This article analyses the relationship between conspiracy theories, populism and foreign policy by shedding light on the affective force of conspiracy theories in mobilising ‘the people’. Drawing on Lacanian psychoanalysis, it conceptualises conspiracy theories as fantasies that promise to satisfy subjects’ desire for a complete identity by accusing ‘hidden’ forces of blocking this perceived-to-be-lost but ultimately unattainable sense of ontological wholeness. The article argues that conspiracy theories allow populists to appeal to voters through emotive narratives which offer a dualistic outlook on global politics and (1) blame the conspirators for such feelings of lack, (2) transgress the conventions of the mainstream discourse by appealing to the obscene, and (3) valorise the populist actor for uncovering the plot against popular sovereignty and thereby promising to make ‘the people’ whole again. While conspiracy theories have been studied in other disciplines, International Relations scholarship has paid very little attention to them and, if at all, discussed their role in the context of the United States. This article illustrates its arguments with the case of the right-wing populist party Alternative for Germany and examines the role of conspiracy theories and foreign policy in its attempt to stage itself as ‘true’ representative of the German people.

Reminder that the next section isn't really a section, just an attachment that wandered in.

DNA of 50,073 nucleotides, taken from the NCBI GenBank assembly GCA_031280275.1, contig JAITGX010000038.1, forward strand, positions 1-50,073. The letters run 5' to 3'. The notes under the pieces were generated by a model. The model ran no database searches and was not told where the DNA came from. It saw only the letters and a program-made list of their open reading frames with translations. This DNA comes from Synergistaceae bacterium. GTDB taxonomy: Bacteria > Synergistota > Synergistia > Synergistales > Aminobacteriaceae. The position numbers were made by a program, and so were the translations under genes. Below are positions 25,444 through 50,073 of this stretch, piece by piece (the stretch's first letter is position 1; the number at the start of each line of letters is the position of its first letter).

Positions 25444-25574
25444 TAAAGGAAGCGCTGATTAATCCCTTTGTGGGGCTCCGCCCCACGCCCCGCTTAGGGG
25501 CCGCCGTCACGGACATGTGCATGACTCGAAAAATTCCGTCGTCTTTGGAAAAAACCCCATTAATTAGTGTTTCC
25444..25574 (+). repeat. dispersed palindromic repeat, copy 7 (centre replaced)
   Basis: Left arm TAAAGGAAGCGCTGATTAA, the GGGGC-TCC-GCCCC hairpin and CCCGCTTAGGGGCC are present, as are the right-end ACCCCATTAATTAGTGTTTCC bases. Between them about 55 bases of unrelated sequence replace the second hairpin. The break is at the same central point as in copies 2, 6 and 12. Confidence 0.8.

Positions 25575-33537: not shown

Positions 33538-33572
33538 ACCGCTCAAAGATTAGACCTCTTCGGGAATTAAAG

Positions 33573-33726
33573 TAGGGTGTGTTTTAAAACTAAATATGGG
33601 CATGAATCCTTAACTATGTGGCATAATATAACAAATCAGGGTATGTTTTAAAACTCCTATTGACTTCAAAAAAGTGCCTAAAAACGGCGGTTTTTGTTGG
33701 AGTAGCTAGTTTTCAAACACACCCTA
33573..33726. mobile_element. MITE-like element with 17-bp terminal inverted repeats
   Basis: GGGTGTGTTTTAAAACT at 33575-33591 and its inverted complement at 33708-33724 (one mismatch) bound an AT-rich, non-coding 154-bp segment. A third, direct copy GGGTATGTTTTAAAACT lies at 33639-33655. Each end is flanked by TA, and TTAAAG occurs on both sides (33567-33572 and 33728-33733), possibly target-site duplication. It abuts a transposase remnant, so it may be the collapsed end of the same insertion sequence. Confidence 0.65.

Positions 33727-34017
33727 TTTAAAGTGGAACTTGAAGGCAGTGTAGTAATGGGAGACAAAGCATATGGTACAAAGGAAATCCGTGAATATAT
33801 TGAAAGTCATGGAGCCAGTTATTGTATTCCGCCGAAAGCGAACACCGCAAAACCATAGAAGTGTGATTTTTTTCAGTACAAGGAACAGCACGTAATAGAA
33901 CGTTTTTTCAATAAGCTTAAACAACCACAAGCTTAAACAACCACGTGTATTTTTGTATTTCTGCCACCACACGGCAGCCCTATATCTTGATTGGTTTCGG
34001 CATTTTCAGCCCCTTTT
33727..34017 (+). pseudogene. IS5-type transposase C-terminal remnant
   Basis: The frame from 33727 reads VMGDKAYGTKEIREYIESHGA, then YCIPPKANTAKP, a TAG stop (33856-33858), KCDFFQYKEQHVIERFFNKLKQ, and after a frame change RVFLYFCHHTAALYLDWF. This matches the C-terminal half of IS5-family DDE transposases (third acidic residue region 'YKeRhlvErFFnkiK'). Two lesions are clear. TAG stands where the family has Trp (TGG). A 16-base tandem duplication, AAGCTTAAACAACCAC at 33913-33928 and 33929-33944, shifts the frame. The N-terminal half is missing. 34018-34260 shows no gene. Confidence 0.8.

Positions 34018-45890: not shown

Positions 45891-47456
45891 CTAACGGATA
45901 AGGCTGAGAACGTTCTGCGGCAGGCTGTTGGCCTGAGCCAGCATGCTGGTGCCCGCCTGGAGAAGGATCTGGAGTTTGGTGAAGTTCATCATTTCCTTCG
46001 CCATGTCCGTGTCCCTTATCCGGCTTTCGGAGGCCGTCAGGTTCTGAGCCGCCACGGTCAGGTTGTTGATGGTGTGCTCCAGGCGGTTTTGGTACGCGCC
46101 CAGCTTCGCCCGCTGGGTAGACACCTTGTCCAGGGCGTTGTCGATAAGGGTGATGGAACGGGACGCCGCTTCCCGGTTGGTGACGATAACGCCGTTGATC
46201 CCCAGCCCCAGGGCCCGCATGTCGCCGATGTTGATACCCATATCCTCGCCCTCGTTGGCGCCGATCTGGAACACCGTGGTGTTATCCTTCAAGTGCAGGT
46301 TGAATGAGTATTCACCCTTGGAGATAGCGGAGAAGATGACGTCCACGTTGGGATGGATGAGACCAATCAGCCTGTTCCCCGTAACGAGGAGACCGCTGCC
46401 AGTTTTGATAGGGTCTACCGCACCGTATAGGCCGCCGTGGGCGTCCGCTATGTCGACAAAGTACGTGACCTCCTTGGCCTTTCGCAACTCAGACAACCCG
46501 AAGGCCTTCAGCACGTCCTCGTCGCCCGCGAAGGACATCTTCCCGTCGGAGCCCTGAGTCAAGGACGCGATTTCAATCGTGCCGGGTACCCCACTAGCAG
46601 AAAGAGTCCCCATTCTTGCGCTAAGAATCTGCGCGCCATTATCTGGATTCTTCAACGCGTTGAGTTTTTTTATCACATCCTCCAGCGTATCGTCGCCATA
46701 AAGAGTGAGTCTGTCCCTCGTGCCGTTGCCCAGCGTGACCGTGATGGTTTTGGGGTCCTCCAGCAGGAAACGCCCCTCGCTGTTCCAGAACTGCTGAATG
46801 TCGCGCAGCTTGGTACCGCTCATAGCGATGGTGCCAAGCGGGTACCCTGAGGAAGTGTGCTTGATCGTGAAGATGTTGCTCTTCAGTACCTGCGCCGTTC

|Number of pages||29|
|Journal||Journal of International Relations and Development|
|Early online date||22 May 2021|
|Publication status||Published - Mar 2022|
Bibliographical noteThe final publication is available at Springer via http://dx.doi.org/10.1057/s41268-021-00218-y
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FunderThis research was supported by research grant ECF-2018-656 from the Leverhulme Trust.
- Conspiracy theories
- Right-wing Populism
- Foreign Policy
- Lacanian Psychoanalysis
- Lacanian psychoanalysis
- Right-wing populism
- Foreign policy
- Alternative for germany/alternative für deutschland (AfD)
ASJC Scopus subject areas
- Geography, Planning and Development
- Political Science and International Relations